The Gentrys didn't take the prize when they competed on The Ted Mack Amateur Hour, but the resulting exposure led to the group's signing with the local Youngstown label. The evergreen "Keep on Dancing," their second single, hit the Top Five in 1965 after MGM picked it up for national distribution. The song was a cover of a 1963 recording by the Avantis and, in the Gentrys' hands, exemplified the stripped-down, three-chord rock & roll of the garage band revolution. Keep on Dancing is a reissue of the group's MGM album of the same name, the first of two long-players they recorded for the label and the only one to chart. The album contains the their big hit, one side of their first Youngtown single ("Sometimes"), and an assortment of ballads and garage band standards such as "Hang on Sloopy," most of which are based on the same basic chord progression. The influence of the British Invasion -- particularly early Beatles -- is apparent, as are flashes of soft pop vocal harmonies and Byrds-y arpeggiated guitars. Two bonus tracks round up the group's remaining Top 100 hits for MGM: the unvarnished rock & roll of "Spread It on Thick" and a cover of Arthur Alexander's more nuanced "Everyday I Have to Cry."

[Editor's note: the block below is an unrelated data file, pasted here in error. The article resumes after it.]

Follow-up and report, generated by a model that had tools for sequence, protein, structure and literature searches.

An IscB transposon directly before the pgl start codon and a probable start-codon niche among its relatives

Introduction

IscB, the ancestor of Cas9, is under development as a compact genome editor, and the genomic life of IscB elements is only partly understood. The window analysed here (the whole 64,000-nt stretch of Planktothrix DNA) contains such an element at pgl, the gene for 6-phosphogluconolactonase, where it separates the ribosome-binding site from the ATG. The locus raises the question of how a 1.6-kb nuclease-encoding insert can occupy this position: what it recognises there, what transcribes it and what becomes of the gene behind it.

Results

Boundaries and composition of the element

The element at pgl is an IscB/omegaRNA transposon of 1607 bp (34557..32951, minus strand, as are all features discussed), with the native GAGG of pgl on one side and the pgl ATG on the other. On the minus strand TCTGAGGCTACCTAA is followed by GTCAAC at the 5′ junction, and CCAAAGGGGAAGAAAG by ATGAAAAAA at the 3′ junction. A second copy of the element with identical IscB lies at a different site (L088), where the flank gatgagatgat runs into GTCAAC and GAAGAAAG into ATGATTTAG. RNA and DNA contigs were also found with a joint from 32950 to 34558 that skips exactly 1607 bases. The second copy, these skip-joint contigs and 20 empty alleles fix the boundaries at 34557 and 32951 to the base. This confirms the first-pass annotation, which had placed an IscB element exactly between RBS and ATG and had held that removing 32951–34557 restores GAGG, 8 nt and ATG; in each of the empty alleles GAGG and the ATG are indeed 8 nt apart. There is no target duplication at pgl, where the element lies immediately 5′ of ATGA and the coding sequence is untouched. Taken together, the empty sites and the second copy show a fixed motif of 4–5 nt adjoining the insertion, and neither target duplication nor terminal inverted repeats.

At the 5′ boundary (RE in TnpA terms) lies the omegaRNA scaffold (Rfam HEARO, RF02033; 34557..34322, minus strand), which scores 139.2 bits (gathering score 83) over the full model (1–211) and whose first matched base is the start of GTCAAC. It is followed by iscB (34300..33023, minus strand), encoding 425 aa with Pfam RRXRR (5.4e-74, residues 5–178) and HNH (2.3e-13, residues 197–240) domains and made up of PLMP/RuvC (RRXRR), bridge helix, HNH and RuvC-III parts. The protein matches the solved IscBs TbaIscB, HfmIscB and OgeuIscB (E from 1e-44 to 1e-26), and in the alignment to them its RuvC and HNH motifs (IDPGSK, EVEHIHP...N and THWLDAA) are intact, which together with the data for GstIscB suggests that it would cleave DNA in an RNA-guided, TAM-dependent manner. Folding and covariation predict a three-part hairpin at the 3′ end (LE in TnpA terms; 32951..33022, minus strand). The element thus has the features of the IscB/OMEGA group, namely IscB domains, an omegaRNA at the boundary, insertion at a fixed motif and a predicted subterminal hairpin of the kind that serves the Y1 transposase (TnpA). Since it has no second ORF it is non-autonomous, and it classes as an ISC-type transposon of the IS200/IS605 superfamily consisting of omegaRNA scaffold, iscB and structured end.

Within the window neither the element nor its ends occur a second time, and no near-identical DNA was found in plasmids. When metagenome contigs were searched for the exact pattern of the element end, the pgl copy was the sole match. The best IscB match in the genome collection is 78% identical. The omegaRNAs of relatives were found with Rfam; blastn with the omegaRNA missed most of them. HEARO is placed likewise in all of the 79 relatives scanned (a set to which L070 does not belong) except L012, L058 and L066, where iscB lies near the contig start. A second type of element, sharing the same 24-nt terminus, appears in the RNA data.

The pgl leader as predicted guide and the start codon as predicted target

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AllMusic Review by Greg Adams